Contrast that with the disciples in John 2. These men were commoners, untrained in the Law and the Prophets. Yet when Jesus cleansed the temple, driving out the moneylenders, it was these common disciples (who had only known Jesus for a few days) who remembered that it was written (in Psalm 69:9) “Zeal for your house will consume me“, applying this to the Lord as they immediately recognized that it had been written about Him.

Only a few verses later, Jesus says something quite shocking: “Destroy this temple, and in three days I will raise it up” (John 2:19). NOBODY had a clue what he meant at the time, but later, “when he was raised from the dead” (John 2:22), his disciples remembered what Jesus had said, and finally understood what it had meant.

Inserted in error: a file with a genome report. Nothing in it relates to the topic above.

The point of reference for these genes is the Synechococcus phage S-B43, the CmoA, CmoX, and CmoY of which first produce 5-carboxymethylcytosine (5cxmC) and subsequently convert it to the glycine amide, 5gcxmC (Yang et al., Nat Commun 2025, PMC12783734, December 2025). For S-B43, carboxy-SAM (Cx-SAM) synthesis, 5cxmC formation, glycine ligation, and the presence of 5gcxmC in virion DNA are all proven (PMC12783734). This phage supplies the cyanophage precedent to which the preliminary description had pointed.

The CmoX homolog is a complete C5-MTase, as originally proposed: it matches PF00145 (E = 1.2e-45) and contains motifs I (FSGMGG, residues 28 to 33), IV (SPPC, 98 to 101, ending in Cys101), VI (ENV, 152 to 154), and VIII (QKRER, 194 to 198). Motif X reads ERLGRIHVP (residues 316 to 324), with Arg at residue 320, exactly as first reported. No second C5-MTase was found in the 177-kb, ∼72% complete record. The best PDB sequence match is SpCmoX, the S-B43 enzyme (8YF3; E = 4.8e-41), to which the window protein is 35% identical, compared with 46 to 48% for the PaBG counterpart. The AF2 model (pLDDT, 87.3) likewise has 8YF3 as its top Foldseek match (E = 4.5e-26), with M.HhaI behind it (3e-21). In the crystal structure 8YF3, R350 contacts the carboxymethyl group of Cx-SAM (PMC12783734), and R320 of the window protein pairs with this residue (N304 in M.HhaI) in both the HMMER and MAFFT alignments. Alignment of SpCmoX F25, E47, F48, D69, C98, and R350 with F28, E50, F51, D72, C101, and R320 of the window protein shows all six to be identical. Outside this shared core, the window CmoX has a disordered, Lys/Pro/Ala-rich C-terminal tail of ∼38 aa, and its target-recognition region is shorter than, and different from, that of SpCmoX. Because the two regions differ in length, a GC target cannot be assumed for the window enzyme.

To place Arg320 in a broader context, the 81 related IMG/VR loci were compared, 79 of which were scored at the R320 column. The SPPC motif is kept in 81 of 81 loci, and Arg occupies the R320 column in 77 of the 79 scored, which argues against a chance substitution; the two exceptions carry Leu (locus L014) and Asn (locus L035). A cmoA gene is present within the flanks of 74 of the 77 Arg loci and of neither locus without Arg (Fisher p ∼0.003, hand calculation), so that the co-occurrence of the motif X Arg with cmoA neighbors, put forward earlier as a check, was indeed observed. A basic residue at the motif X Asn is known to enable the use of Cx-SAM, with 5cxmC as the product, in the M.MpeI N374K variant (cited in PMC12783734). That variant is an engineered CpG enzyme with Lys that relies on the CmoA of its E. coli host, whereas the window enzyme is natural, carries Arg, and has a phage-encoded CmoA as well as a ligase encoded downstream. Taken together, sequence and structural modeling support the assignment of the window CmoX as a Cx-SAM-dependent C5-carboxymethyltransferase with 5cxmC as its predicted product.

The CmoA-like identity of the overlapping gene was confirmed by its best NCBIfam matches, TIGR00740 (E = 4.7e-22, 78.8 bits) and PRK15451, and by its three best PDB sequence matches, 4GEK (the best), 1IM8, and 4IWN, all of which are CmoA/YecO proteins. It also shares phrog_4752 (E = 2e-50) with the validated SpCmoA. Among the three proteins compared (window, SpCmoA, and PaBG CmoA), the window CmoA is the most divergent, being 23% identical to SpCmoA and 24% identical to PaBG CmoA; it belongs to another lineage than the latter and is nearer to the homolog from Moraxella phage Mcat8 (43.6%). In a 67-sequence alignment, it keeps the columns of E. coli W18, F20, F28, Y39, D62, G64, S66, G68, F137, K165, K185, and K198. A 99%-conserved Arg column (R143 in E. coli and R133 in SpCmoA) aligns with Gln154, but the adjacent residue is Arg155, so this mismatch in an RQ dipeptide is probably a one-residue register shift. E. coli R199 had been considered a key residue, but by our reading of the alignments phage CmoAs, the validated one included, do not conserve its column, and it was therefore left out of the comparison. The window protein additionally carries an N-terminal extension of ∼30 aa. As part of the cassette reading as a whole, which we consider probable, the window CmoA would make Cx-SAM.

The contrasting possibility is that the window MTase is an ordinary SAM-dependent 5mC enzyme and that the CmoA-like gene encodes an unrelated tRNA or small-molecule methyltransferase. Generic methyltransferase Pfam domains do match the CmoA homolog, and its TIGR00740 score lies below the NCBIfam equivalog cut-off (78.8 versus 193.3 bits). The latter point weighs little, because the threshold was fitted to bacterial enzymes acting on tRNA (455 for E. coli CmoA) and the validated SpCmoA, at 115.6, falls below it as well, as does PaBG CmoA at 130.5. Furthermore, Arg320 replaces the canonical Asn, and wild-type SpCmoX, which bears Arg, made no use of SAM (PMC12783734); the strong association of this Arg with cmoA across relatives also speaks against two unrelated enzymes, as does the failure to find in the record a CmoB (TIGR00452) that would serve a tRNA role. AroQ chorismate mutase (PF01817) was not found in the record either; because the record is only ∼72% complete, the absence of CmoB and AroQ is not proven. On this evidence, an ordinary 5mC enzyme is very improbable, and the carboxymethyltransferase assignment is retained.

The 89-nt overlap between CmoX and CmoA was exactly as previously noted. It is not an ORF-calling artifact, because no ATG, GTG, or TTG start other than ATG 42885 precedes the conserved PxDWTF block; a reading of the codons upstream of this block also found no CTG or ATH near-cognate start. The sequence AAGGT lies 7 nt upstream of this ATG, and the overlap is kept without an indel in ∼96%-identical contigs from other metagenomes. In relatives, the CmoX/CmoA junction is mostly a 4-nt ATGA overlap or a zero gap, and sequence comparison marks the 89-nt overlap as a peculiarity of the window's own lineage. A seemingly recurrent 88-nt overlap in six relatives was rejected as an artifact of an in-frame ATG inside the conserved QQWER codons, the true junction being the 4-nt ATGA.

So what does this mean for us today?

  1. We can believe that God’s Word is true, even when we don’t understand exactly what it means
  2. The specific meaning of prophecy is often (always?) clear only after its fulfillment
  3. We are held accountable to know and believe the Word, and to understand that it is all about Jesus
  4. We are NOT required to know in advance how prophecy will be fulfilled, but we are expected to recognize it when it is fulfilled

Many people debate things like the timing and manner of Jesus’ second coming, but the important object of our focus is that He IS coming back. There are obviously things about that coming that are unclear, but I believe that when He comes back every eye will see Him (Revelation 1:7), and for those who know the Word and the promises regarding His return, all of the things we argue about now will be clear.

So the most important thing is not whether I believe Jesus is coming back before or after some “great tribulation”. It is whether I believe that God’s Word is true, and that His promises will never fail. If I am so attached to my particular interpretation of prophecy that it blinds me to the Truth — even when it is standing right in front of me — then I am following in the footsteps of the Pharisees.

May each of us empowered by God’s Spirit choose instead the way of the disciples!